Voters reject sale of building to Mountain SchoolBy Patrick McArdle
STAFF WRITER | April 04,2013WINHALL — Voters have rejected a request by the Mountain School to buy its building from the Winhall school district for $700,000 and its grounds from the town.
But school officials said they planned to bring the idea back to voters in the future.
The Mountain School, an independent school that serves students from pre-kindergarten through eighth grade, has leased the building for 15 years. But this year school officials, having made some tentative expansion plans, took steps to buy the site.
Voters turned away the request by a vote of 122-78 at a special meeting Tuesday.
Charles Scranton, chairman of the school’s Board of Trustees, said that while he respects the decision of the voters, he is disappointed and “borderline shocked” at what he called a shortsighted decision.
“Granting the school the ability to control its own destiny would only ... make Winhall a more attractive community for people to live in, would only increase people’s property values,” Scranton said.
He added that voters should have considered the positive community impact of a school expansion, including a science wing.
“I just don’t think people looked at it that way, he said. “I think people were looking at dollars and cents and other political reasons.”
Scranton said he hoped voters would approve the sale at a later date.
Tuesday’s special election called for meetings of both the school district and the town. For the deal to be approved, voters had to authorize the sale of both the building and the land.
While the school district vote on the building rendered the vote on the land moot, the town meeting had been warned and that vote had to go forward. The town vote was also against the sale; it was done from the floor and no official results were available.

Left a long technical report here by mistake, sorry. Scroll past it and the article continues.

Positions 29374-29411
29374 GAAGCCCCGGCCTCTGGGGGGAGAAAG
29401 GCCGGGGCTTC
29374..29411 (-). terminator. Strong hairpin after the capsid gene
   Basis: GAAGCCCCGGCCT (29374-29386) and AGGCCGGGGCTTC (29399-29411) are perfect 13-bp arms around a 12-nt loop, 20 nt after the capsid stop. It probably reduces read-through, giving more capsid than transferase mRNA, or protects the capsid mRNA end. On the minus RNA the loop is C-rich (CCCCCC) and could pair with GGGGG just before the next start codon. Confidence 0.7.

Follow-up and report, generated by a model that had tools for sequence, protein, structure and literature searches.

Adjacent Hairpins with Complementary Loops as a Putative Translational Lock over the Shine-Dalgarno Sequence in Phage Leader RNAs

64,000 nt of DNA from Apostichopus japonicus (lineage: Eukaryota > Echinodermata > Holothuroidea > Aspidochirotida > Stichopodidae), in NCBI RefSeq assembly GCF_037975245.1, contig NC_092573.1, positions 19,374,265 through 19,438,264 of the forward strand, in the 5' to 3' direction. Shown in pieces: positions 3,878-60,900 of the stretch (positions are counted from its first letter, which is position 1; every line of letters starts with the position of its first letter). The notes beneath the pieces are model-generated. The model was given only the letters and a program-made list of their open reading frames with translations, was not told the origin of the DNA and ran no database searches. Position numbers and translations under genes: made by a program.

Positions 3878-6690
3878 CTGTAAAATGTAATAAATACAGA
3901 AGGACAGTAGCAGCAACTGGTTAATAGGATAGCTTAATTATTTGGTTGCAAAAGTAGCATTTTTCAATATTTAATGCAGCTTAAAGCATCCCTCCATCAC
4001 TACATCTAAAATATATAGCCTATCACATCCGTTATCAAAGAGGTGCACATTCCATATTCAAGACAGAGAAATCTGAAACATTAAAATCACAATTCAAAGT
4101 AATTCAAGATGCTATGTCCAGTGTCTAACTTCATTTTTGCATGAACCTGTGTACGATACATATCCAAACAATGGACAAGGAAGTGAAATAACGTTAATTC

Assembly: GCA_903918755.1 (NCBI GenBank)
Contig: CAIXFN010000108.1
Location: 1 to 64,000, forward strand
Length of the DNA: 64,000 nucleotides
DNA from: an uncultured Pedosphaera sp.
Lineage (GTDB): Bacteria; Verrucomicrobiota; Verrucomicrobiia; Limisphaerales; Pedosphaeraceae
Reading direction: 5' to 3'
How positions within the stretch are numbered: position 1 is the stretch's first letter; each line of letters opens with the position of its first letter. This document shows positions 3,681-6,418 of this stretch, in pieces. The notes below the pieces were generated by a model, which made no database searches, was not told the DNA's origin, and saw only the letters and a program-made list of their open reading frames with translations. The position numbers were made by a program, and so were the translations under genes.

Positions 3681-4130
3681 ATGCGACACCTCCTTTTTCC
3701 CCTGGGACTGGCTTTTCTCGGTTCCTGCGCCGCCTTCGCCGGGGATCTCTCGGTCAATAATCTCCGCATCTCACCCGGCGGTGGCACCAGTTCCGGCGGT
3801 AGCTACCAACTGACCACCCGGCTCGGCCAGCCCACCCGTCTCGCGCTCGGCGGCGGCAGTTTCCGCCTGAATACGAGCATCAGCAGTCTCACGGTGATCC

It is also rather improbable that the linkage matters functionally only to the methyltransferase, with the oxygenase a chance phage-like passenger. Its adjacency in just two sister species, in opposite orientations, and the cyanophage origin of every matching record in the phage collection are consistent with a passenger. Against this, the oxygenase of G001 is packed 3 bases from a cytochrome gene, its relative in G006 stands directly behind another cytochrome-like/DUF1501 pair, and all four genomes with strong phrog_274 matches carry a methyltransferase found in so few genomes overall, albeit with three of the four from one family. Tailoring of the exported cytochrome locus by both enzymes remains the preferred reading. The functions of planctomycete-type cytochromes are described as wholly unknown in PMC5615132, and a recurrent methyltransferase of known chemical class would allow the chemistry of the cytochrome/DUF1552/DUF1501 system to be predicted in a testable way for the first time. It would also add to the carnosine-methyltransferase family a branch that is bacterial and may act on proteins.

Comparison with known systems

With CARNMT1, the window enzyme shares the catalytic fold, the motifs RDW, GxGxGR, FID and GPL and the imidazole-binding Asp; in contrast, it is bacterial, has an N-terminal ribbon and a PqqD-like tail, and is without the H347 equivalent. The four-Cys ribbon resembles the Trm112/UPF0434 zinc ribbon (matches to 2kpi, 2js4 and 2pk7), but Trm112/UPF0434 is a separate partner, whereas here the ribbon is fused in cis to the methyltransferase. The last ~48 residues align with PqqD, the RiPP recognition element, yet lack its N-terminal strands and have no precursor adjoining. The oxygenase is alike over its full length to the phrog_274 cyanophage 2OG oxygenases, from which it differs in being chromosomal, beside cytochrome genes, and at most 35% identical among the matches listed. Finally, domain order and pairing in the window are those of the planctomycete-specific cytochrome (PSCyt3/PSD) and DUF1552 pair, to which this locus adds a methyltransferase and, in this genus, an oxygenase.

There was very little discussion before the vote Tuesday. One resident, Gil Schy, asked how the proposed $700,000 price of the school was set and whether it was too low.
School Board member Christie MacKenzie said a town appraisal in 2011 set the value at $688,000, and a school district appraisal in 2012 set the value at $725,000. The Mountain School offered $700,000, she said.
Scranton said he wasn’t surprised that voters had questioned the price but said it was based on two independent appraisals.
He also said he was disappointed that neither he nor Daren Houck, head of the Mountain School, were allowed to make a presentation and that there was no discussion of how the sale would benefit students or the school’s educational goals.
An informational meeting was held March 25 but Scranton said far fewer people attended than voted Tuesday.
Scranton said Mountain School officials are prepared to seek out private philanthropy to pay for expansion and improvements, but it‘s difficult to raise money for a property they don’t own.
The Mountain School is coming to the end of a 13-year lease with the school district. Scranton said he expected his board would look at a short-term lease while making plans to bring the request back to voters.
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